ge­netic resources. Greater ef­forts are needed to con­serve the plant di­ver­sity and to es­ti­mate the full po­ten­tial of plant ge­netic resources, and to bring this in­for­ma­tion to the at­ten­tion of pol­icy-makers and the gen­eral pub­lic so that they can be used for bring­ing sec­ond green revo­lu­tion.

Ge­net­i­cally Mod­i­fied Or­gan­ism (GMO) has been con­tro­ver­sial in In­dia. It’s yet to be ap­plied in food grains. Now, there is a new tech­nol­ogy called Genome Edit­ing. How do you see this development?

Ge­net­i­cally Mod­i­fied or­gan­isms (GMOs) are gen­er­ated through the trans­genic in­tro­duc­tion of trans­genic DNA se­quences and they have been con­tro­ver­sial. They face many reg­u­la­tory is­sues de­spite the fact that those cur­rently on the mar­ket have passed safety tests and are gen­er­ally con­sid­ered safe to eat. Genome edit­ing , a new forms of ge­netic mod­i­fi­ca­tion, al­lows sci­en­tists to ge­net­i­cally en­gi­neer or­gan­isms with­out in­sert­ing trans­genic DNA. Crops de­vel­oped through genome edit­ing are sim­i­lar to crop de­vel­oped through con­ven­tional breed­ing meth­ods as they do not carry any trans­genic genes. Although two crops de­vel­oped by dif­fer­ent, ge­need­it­ing and non-GM, meth­ods may pos­sess the same trait, and even the same DNA se­quence in the re­gion of in­ter­est, this does not make them equiv­a­lent in terms of the whole genome.

The ef­fi­cacy of CRISPR/ Cas9 tech­nique to ob­tain pre­cise ge­netic mod­i­fi­ca­tions makes more dif­fi­cult to iden­tify a GMO` once out­side the lab and also to reg­u­late this or­gan­isms in the mar­ket. In prac­tice, this is one of the main rea­sons why risk as­sess­ment of GMOs is car­ried out - in or­der to de­ter­mine if any un­in­tended changes have im­pli­ca­tions for food and en­vi­ron­men­tal safety, so there is need of reg­u­la­tion for safety as­sess­ment of genome edited crops too although this is­sue is yet de­bat­able.

What are the ar­eas of agri­cul­tural re­search BAU is fo­cus­ing on and how many stu­dents are cur­rently study­ing with the varsity?

The re­search pro­grammes of BAU are fo­cused on crop improvement, nat­u­ral re­source man­age­ment, crop pro­tec­tion, so­cial sciences, prod­uct development and mar­ket­ing. The pro­grammes are run by dif­fer­ent units and col­leges along with col­lab­o­ra­tions with var­i­ous in­ter­na­tional in­sti­tutes. New re­search development fa­cil­ity has been cre­ated for mi­cro prop­a­ga­tion of ba­nana; pro­tected cul­ti­va­tion; bio-fer­tilis­ers and bio-pes­ti­cides pro­duc­tion.

BAU is en­deav­our­ing to pro­duce trained and qual­ity hu­man resources in the form of agri­cul­tural grad­u­ates hav­ing knowl­edge, skills, pro­fi­cien­cies and en­trepreneur­ship abil­i­ties in vi­tal ar­eas of agri­cul­ture. The to­tal in­take ca­pac­ity at un­der­grad­u­ate level is 410 stu­dents while in Masters, it is 100 seats and 34 in Ph.D, to­talling an in­take of 598 stu­dents every years.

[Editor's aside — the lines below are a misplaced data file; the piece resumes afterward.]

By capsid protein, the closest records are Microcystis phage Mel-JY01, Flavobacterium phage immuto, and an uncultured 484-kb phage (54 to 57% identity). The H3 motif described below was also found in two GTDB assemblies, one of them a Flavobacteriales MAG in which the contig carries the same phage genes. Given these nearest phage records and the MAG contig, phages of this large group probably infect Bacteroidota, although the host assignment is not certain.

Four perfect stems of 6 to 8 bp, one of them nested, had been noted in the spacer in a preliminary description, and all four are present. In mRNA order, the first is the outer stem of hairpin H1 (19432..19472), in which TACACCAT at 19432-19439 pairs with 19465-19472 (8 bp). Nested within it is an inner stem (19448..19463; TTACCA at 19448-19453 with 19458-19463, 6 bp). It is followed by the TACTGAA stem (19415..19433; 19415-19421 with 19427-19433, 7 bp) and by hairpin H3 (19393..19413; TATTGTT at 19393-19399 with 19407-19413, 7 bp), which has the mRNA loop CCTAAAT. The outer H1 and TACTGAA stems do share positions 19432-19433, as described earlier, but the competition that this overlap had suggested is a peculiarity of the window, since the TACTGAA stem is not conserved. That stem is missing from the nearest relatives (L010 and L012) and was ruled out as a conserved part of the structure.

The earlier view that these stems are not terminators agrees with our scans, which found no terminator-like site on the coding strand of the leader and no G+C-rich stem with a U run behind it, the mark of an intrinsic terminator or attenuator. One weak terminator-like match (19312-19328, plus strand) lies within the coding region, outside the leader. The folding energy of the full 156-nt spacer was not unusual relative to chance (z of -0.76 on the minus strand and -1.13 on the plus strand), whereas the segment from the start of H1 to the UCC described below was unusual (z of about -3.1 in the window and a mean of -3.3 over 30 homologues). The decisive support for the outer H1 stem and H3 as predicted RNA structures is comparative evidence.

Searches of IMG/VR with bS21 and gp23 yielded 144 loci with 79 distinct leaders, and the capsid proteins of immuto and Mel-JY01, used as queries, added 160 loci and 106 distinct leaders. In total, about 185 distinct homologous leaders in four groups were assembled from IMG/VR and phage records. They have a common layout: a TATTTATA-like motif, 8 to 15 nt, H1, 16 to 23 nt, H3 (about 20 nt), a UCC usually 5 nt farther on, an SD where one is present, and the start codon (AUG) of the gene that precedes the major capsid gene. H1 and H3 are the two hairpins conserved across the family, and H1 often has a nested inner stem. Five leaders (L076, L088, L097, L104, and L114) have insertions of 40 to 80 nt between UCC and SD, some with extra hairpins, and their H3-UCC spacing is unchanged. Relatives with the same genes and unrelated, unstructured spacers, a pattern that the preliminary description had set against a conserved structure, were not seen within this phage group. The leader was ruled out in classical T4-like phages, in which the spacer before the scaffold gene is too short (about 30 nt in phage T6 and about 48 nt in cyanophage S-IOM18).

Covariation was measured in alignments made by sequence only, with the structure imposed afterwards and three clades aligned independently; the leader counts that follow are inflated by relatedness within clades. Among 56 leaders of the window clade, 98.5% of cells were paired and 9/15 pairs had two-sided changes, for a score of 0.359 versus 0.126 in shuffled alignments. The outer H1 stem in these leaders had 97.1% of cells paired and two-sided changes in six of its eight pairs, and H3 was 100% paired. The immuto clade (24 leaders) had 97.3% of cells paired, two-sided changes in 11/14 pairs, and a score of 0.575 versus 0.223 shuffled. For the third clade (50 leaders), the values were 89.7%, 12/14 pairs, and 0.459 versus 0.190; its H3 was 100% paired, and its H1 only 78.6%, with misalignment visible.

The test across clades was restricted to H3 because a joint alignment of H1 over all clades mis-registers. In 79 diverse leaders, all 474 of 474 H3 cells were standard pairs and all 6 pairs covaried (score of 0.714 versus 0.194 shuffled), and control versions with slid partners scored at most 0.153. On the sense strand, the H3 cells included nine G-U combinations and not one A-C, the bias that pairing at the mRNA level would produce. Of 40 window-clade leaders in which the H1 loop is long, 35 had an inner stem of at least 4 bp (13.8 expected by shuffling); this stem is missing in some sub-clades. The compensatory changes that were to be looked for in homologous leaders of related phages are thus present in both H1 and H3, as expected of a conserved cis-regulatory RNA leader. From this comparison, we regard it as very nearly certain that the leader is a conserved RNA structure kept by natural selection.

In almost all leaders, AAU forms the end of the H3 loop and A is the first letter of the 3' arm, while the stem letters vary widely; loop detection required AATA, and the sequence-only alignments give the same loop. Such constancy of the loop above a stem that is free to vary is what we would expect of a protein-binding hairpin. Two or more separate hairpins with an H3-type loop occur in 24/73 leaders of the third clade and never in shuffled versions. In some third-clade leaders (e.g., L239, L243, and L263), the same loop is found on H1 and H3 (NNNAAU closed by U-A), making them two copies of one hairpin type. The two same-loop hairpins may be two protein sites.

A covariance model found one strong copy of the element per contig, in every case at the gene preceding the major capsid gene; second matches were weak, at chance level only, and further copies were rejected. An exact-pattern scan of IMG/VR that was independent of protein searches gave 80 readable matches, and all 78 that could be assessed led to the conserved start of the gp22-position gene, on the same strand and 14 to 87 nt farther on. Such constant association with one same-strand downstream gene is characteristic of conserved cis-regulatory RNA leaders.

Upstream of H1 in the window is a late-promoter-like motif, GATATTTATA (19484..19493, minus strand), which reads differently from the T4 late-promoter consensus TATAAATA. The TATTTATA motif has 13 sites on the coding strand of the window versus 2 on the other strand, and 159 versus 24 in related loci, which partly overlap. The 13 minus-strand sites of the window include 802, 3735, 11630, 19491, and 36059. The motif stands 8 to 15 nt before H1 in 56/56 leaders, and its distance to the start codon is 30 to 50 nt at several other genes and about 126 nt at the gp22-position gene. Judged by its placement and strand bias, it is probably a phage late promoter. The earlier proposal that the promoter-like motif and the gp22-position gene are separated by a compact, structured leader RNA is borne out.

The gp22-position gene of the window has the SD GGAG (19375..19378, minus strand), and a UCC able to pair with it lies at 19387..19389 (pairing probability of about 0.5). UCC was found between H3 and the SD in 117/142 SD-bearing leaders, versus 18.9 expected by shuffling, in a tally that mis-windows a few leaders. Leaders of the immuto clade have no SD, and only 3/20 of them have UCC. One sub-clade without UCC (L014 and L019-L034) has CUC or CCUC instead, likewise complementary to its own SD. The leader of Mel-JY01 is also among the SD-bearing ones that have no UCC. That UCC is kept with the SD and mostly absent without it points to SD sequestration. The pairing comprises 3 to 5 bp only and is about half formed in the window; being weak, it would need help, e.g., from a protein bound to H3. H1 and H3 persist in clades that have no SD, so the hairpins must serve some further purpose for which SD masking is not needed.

Since last 6 years, BAU has achieved many new heights in the field of ed­u­ca­tion. In re­search, it has 236 re­search projects to ad­dress the needs of the re­gion. The univer­sity has re­leased 16 va­ri­eties and de­vel­oped more than 20 tech­nolo­gies for the farm­ers

How has been the jour­ney of BAU in agri­cul­tural re­search and ed­u­ca­tion and how has the varsity changed the farm­ing land­scape in Bi­har?

BAU is play­ing a piv­otal role in re­search, development and tech­nol­ogy trans­fer at field level. Re­search de­vo­tions to­wards solv­ing prob­lems of agri­cul­tural development has re­sulted in en­com­pass­ing crop improvement pro­grammes. Grain qual­ity, bio­for­ti­fi­ca­tion and improvement for ma­jor bi­otic and abi­otic stresses have been at­tempted to ad­dress the needs of ecol­ogy; con­ven­tional het­ero­sis and molec­u­lar breed­ing ap­proaches are in­ten­sively pur­sued to im­prove the ge­netic po­ten­tial. Ad­dress­ing the nu­tri­tional se­cu­rity and self-suf­fi­ciency in pulses, the re­search ac­tiv­ity in chick­pea, pi­geon peas, mung bean for pro­duc­tion and pro­duc­tiv­ity are be­ing car­ried out.

The varsity got quit suc­cess, es­pe­cially in di­ver­si­fi­ca­tion of farm in­come of re­source poor fam­i­lies by use of IFS, cash crops, mush­room pro­duc­tion, bee­keep­ing, back­yard poul­try, value ad­di­tion and pro­cess­ing of fruits and veg­eta­bles.

Dr. Ajoy Ku­mar Singh, Vice Chan­cel­lor, Bi­har Agri­cul­ture Univer­sity, Sabour

Dr. AK Singh, VC, BAU (far right) while in­ter­act­ing with pa­paya farm­ers dur­ing a field visit